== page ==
PreSonus Blog

Plug-In Matrimony: Pro EQ3 Weds Dynamics

Pro EQ3 in Studio One 6

Studio One’s Pro EQ3 represents a major evolution to the Pro EQ. It now incorporates dynamic EQ, effectively but unobtrusively—if you want, you can treat EQ3 just like you did EQ2. Another addition is solo buttons for individual bands. This is useful with standard EQ, but is particularly useful with dynamic EQ.

Dynamic EQ Basics

Dynamic EQ boosts or cuts over a specific frequency range, like standard EQ. However, the boosting or cutting doesn’t occur until the audio in that frequency range crosses over a threshold. The higher the audio level is compared to the threshold, the greater the amount of boost or cut.

De-essing is a basic example of dynamic EQ. High-frequency “ess” sounds aren’t processed unless they exceed a threshold. When they do, the dynamic EQ cuts the response in that range. The stronger the ess sound, the greater the attenuation. Another example is attenuating excessively loud cymbals if they exceed a threshold.

Superficially, dynamic EQ may seem like multiband dynamics. Both combine dynamics processing and equalization. However, multiband dynamics processors use crossover filters to split the incoming audio into multiple, fairly broad bands. The EQ3 processes frequencies with the precision of its usual peaking and shelf EQ stages, using as many or as few stages as needed.

A more technical difference is that crossover filtering is fairly drastic. This introduces phase shifts, unless a multiband dynamics processor uses linear-phase filters. Dynamic EQ is less likely to require super-drastic settings, which minimizes potential phase shifts.

Let’s Get Dynamic!

To use Studio One’s Pro EQ3 for dynamic EQ processing:

  • Click the Dynamics button toward the EQ3’s top. This reveals Threshold and Range controls for the parametric/shelving stages.
  • Check that the Curves button is enabled, so you can see the curves that the dynamic EQ stages generate.
  • Click a stage’s D button to enable its dynamic equalization response.

The display unambiguously shows how dynamic EQ processes the sound. The white curve is the usual curve that shows a stage’s amount of boost or cut. Varying the Range parameter adds a second curve. It uses the same color as its associated EQ stage. This curve represents the maximum amount of gain change that can occur once a signal exceeds the threshold.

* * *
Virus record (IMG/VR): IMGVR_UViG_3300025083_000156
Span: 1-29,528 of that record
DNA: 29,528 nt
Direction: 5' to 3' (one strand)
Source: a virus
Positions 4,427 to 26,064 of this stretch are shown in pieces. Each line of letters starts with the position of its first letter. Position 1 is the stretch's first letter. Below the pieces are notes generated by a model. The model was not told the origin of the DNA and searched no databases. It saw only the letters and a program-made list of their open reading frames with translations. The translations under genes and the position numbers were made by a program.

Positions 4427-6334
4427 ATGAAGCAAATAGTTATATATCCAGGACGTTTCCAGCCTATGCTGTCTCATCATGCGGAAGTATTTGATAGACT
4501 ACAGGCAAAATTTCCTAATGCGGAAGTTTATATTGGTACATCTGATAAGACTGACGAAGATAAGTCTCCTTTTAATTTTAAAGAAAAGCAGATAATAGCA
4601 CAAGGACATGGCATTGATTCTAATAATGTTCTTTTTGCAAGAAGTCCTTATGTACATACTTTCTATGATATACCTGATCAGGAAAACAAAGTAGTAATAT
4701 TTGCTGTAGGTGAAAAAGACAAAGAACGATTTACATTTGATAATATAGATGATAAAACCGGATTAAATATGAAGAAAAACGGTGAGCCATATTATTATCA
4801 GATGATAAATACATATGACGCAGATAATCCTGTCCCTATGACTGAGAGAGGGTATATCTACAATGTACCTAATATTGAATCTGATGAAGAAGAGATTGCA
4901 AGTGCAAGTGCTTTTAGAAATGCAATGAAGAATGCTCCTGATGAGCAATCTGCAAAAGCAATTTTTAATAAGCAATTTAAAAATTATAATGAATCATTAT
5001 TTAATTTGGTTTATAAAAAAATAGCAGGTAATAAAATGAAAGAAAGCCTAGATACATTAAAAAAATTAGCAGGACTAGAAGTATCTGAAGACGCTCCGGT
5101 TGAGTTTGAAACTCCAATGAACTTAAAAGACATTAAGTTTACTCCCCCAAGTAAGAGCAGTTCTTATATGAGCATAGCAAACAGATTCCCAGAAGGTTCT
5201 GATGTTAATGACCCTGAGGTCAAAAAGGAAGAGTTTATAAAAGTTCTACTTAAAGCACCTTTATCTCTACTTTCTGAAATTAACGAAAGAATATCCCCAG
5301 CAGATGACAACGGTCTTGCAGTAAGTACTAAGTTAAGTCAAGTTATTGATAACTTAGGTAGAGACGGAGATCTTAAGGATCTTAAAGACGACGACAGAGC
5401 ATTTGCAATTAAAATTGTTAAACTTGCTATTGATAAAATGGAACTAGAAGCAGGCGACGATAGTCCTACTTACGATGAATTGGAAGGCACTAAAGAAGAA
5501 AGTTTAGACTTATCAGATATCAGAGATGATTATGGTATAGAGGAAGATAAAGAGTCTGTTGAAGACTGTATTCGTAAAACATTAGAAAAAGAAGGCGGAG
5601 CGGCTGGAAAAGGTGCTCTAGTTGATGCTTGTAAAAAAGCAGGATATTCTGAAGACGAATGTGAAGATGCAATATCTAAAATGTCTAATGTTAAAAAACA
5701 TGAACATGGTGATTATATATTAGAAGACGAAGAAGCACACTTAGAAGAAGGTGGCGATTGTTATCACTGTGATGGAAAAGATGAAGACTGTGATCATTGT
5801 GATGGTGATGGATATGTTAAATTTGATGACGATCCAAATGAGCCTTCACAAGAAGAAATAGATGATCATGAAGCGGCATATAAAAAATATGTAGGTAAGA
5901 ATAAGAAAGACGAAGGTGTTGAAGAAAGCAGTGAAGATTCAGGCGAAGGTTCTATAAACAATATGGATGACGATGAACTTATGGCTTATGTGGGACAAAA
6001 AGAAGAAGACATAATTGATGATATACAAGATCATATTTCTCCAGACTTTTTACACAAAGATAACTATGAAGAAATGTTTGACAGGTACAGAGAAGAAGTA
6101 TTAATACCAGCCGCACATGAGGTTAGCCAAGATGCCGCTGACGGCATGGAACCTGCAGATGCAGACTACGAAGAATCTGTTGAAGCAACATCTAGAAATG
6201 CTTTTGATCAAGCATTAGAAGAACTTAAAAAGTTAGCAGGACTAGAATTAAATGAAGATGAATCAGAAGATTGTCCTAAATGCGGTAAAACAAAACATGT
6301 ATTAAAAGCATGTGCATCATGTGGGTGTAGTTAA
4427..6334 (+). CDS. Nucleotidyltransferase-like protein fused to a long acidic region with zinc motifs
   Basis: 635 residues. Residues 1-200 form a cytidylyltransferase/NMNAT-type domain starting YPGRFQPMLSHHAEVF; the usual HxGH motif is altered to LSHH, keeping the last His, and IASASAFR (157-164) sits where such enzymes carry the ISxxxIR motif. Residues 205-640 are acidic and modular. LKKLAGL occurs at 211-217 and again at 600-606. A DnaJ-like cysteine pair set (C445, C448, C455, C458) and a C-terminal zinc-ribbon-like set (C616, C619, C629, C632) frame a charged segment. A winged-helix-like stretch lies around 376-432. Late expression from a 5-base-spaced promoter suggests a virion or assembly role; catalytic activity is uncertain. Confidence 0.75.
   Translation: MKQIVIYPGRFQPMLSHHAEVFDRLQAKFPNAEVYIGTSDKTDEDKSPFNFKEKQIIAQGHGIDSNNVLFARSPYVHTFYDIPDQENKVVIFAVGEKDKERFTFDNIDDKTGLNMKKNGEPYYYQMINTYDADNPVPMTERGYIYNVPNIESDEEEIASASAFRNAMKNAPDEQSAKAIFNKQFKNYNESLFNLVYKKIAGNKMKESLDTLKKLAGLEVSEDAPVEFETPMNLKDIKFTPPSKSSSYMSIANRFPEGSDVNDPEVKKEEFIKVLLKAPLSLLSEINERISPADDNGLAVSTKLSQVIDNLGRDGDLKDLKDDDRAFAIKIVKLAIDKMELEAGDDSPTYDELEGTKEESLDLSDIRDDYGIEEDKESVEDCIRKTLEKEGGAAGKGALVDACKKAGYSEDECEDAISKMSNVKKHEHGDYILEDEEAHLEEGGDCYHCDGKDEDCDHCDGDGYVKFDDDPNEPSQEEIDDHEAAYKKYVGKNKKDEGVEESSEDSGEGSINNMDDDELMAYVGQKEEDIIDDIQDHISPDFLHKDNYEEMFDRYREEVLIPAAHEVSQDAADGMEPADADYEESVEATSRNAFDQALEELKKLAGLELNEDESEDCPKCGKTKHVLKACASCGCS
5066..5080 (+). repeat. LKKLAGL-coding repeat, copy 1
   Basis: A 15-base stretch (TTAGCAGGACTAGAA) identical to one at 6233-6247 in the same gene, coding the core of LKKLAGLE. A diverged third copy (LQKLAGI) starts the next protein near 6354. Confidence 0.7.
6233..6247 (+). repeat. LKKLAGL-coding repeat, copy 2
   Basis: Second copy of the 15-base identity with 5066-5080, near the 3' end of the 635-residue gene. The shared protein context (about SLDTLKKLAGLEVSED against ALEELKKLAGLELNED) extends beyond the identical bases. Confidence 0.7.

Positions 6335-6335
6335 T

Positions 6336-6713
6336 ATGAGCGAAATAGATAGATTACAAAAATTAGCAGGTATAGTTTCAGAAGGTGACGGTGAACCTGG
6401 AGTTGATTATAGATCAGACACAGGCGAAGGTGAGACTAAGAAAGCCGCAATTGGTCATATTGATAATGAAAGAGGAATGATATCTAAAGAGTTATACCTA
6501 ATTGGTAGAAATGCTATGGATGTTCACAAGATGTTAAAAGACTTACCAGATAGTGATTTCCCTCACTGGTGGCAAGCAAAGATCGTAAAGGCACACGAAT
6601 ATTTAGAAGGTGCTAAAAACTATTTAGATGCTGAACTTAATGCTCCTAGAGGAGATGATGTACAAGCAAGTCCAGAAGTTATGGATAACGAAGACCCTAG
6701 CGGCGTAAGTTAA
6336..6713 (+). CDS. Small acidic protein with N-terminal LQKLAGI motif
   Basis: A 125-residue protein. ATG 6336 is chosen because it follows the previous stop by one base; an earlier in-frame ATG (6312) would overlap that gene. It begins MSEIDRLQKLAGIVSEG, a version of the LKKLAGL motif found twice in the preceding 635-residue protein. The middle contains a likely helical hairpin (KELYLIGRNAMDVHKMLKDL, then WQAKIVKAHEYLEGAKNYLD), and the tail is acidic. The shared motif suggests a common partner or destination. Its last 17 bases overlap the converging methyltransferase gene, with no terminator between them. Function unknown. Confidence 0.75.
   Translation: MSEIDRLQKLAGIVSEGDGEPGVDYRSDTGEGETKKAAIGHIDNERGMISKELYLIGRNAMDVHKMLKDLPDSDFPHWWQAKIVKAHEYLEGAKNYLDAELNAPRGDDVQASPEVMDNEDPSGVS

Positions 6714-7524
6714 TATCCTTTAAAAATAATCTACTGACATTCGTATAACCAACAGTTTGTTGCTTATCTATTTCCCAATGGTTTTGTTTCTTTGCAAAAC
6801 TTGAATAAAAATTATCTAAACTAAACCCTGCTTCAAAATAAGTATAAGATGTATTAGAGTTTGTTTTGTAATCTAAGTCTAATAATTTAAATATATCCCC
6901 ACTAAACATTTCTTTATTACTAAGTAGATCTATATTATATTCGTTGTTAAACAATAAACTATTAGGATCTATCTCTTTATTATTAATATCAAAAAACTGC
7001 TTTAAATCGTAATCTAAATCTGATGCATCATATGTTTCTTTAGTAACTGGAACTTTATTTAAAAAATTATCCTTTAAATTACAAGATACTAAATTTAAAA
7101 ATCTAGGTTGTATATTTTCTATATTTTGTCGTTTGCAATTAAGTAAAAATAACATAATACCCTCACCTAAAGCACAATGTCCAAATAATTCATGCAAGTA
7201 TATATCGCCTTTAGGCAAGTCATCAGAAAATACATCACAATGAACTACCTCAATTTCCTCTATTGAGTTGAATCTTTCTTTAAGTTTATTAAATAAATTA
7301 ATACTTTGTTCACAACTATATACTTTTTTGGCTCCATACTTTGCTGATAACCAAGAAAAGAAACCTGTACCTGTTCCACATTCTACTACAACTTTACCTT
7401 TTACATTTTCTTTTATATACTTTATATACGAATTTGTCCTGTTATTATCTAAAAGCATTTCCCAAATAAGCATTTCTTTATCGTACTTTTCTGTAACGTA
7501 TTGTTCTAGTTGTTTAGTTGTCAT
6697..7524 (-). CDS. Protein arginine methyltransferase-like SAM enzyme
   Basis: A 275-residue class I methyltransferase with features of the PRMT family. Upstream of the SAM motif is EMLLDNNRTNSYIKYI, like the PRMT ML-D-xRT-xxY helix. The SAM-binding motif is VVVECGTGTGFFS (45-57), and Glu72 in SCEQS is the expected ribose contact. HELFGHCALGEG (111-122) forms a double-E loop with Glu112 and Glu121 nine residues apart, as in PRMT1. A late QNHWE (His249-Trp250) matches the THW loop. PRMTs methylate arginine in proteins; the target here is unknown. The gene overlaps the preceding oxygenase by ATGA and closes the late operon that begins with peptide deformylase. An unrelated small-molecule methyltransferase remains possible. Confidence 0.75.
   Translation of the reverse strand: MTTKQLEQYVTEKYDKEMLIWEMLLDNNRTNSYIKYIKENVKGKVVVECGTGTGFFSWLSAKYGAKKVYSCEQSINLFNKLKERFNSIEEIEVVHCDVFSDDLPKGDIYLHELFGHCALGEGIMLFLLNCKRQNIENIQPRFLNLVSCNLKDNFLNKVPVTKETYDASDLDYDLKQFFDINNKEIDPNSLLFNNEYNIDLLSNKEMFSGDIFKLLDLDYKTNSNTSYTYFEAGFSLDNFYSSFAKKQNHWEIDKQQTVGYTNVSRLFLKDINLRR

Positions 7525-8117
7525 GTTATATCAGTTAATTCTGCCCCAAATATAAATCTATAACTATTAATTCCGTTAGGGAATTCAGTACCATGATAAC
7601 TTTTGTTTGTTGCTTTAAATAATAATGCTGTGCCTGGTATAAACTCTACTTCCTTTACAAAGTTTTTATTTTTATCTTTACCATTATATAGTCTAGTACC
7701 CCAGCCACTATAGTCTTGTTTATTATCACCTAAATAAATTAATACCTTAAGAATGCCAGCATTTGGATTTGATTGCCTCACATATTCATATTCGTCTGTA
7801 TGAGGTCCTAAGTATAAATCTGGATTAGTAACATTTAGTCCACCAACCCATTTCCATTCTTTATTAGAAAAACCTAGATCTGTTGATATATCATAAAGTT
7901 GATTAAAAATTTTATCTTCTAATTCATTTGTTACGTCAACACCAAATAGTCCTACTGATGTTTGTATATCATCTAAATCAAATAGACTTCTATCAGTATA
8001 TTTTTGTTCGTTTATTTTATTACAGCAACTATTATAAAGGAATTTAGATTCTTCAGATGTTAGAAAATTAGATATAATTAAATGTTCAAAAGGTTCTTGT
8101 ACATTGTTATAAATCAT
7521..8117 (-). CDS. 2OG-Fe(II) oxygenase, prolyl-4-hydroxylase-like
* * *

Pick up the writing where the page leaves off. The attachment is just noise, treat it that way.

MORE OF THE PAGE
Let’s look at a practical example. A 500 Hz sine wave from the Tone Generator feeds the Pro EQ3 MF peaking stage, which is set to 500 Hz.

Pro EQ3 in Studio One 6
Figure 1: No dynamic EQ is being applied.

In fig. 1, according to the meter on the right, the input signal is at -36 dB. This is below the dynamic EQ stage’s threshold (which is -24 dB), so the EQ is not affected. The white curve shows that the EQ is applying 6 dB of gain at 500 Hz, just like a standard EQ stage.

The green curve graphically shows the available range of dynamic processing, as specified by the Range control. Range is set to -12 dB, and the curves confirm this—the range from the current +6 dB of gain to the maximum ‑6 dB cut is -12 dB.

Pro EQ3 in Studio One 6
Figure 2: The input is high enough above the threshold to start reducing the EQ stage’s gain.

In fig. 2, the input signal is now above the -24 dB Threshold. Because the Range value is negative, audio above the threshold reduces the EQ’s gain. The white line has now moved downward to show that the EQ’s gain is no longer 6 dB, but has been pushed down because the input signal is above the threshold.

Pro EQ3 in Studio One 6
Figure 3: The input is far enough above the threshold to cut the EQ stage’s gain by almost the maximum amount.

In fig. 3, the input is just under -12 dB. This is almost at the maximum available negative range. The white curve shows that the EQ stage has gone from a boost to a substantial cut. Also, note the yellow bar meter to the left of the Range knob. This displays the reduction amount.

That’s really all there is to understanding dynamic EQ—in future tips, we’ll get into practical applications.

Heads-up: Version 1.3 of The Huge Book of Studio One Tips and Tricks is now available! This 637-page book with 230 innovative tips is a free update to owners of previous versions ($19.95 to new buyers). Download the update from your PreSonus or Sweetwater account the same way you downloaded your previous version. For more information, check out the series of Studio One eBooks. Please note: version 1.3 does not cover the new features in version 6, although there will be a free update in the future. If you have questions about the tips, suggestions for future updates, or want news about the next version, please visit the dedicated support forum.

Related: Here’s Gregor taking a closer look at ProEQ3 in action, as well as the other new plug-ins in Studio One 6!